• Services: Active Play = Fun, physical, social and mental entertainment to kids and parents along with modest food/beverage sales.
  • Customers: Children ages 2-5 and their parents.

2.1 Start-up Summary

The start-up expenses for Cabin Fever include, play equipment, payroll, utilities, legal services, debt service and office materials needed for the facility. Brian Solum will invest $32,000. In addition, Brian will secure up to $100,800 in long-term financing to fund the enterprise. We will incur another $8,000 in short-term debt to finish financing.

Long-term assets includes most play equipment, and a larger service counter for the cafe area. Current assets includes furniture, lighting fixtures, some of the less durable play equipment, and appliances for the cafe area.

Childrens recreation center business plan, company summary chart image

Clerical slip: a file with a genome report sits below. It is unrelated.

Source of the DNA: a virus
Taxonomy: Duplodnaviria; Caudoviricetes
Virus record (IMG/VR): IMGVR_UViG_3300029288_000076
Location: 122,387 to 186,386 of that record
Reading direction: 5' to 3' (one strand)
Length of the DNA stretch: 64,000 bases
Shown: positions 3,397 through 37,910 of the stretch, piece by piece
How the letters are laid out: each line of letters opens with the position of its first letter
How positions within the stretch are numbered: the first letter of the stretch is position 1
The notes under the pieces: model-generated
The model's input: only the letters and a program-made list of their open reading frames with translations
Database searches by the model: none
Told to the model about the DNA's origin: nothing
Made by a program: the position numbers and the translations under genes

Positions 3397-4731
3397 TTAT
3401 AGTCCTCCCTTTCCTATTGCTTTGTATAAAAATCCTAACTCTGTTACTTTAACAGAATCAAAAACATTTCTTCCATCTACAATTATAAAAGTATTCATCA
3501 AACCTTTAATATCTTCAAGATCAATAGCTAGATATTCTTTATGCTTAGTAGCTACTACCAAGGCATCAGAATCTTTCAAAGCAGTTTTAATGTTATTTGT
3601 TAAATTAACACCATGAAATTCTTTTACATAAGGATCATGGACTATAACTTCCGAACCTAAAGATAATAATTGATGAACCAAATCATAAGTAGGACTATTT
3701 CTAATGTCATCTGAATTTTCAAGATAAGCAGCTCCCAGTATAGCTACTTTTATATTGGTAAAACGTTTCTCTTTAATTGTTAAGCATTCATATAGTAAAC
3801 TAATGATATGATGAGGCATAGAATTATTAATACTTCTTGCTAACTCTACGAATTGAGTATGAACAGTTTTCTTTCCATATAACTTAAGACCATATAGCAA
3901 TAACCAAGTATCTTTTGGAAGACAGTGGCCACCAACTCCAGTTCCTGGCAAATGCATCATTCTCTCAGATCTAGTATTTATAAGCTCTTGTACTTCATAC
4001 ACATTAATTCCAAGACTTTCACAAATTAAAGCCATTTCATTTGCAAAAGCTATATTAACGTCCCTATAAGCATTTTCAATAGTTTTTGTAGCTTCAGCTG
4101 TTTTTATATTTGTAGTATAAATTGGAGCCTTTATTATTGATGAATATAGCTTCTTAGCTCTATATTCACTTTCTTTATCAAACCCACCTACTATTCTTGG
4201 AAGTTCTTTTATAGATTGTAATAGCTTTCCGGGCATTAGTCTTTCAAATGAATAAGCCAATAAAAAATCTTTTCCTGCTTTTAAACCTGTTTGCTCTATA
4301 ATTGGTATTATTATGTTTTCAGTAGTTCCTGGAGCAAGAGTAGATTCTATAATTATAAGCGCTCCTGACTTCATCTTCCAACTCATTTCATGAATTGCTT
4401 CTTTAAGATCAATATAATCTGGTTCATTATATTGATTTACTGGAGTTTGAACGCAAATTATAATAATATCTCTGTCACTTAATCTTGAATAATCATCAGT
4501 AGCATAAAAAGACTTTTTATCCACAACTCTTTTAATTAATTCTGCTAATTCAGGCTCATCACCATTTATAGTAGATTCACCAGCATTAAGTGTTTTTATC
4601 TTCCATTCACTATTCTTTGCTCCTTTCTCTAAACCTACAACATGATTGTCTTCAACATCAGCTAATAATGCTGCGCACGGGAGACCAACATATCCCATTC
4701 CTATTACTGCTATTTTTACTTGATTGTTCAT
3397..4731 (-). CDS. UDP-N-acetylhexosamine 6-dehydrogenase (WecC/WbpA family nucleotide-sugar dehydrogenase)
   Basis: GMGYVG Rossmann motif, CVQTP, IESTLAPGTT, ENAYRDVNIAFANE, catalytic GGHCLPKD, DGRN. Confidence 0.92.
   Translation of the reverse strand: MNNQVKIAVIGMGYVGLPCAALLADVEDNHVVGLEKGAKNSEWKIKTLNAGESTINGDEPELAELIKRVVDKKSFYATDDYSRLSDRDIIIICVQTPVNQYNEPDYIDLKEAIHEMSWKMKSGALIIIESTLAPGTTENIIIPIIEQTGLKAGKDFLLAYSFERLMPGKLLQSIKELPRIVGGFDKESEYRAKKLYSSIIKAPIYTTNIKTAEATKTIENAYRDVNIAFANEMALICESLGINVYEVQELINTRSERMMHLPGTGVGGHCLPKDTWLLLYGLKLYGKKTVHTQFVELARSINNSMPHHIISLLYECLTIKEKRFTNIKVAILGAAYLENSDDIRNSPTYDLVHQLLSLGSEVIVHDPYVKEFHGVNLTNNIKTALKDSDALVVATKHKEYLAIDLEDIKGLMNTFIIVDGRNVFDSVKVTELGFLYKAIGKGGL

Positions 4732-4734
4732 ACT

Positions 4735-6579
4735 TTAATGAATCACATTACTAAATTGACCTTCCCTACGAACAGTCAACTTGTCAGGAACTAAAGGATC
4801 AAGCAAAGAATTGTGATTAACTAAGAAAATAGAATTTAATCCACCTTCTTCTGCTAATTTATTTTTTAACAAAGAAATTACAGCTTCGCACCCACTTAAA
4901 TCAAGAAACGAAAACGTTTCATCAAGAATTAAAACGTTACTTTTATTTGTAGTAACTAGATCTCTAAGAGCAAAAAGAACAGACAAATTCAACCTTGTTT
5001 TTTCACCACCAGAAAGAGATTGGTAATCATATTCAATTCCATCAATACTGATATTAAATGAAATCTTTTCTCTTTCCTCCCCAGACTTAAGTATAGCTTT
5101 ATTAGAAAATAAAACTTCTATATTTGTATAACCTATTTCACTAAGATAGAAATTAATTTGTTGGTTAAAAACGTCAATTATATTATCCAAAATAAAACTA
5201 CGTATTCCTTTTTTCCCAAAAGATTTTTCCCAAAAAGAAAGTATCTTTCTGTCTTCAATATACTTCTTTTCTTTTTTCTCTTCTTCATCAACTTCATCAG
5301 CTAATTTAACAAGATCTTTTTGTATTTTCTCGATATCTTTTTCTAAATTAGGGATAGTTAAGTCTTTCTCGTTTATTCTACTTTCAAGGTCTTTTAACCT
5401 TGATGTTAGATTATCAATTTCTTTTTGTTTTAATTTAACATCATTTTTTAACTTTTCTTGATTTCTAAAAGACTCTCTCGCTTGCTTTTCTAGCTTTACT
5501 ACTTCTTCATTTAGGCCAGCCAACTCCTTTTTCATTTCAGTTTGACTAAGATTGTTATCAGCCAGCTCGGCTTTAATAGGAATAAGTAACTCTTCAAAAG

Start-up Funding
Start-up Expenses to Fund $17,800
Start-up Assets to Fund $123,000
Total Funding Required $140,800
Assets
Non-cash Assets from Start-up $115,000
Cash Requirements from Start-up $8,000
Additional Cash Raised $0
Cash Balance on Starting Date $8,000
Total Assets $123,000
Liabilities and Capital
Liabilities
Current Borrowing $8,000
Long-term Liabilities $100,800
Accounts Payable (Outstanding Bills) $0
Other Current Liabilities (interest-free) $0
Total Liabilities $108,800
Capital
Planned Investment
Brian Solum $32,000
Other $0
Additional Investment Requirement $0
Total Planned Investment $32,000
Loss at Start-up (Start-up Expenses) ($17,800)
Total Capital $14,200
Total Capital and Liabilities $123,000
Total Funding $140,800
Start-up
Requirements
Start-up Expenses
Legal $2,000
Stationery etc. $250
Brochures / Advertising $1,500
Insurance $1,200
Payroll $2,400
Utilities / Phone $1,450
Research and Development $2,000
Expensed Play/Operating Equipment $5,000
Office Supplies $2,000
Total Start-up Expenses $17,800
Start-up Assets
Cash Required $8,000
Other Current Assets $25,000
Long-term Assets $90,000
Total Assets $123,000
Total Requirements $140,800

2.2 Company Ownership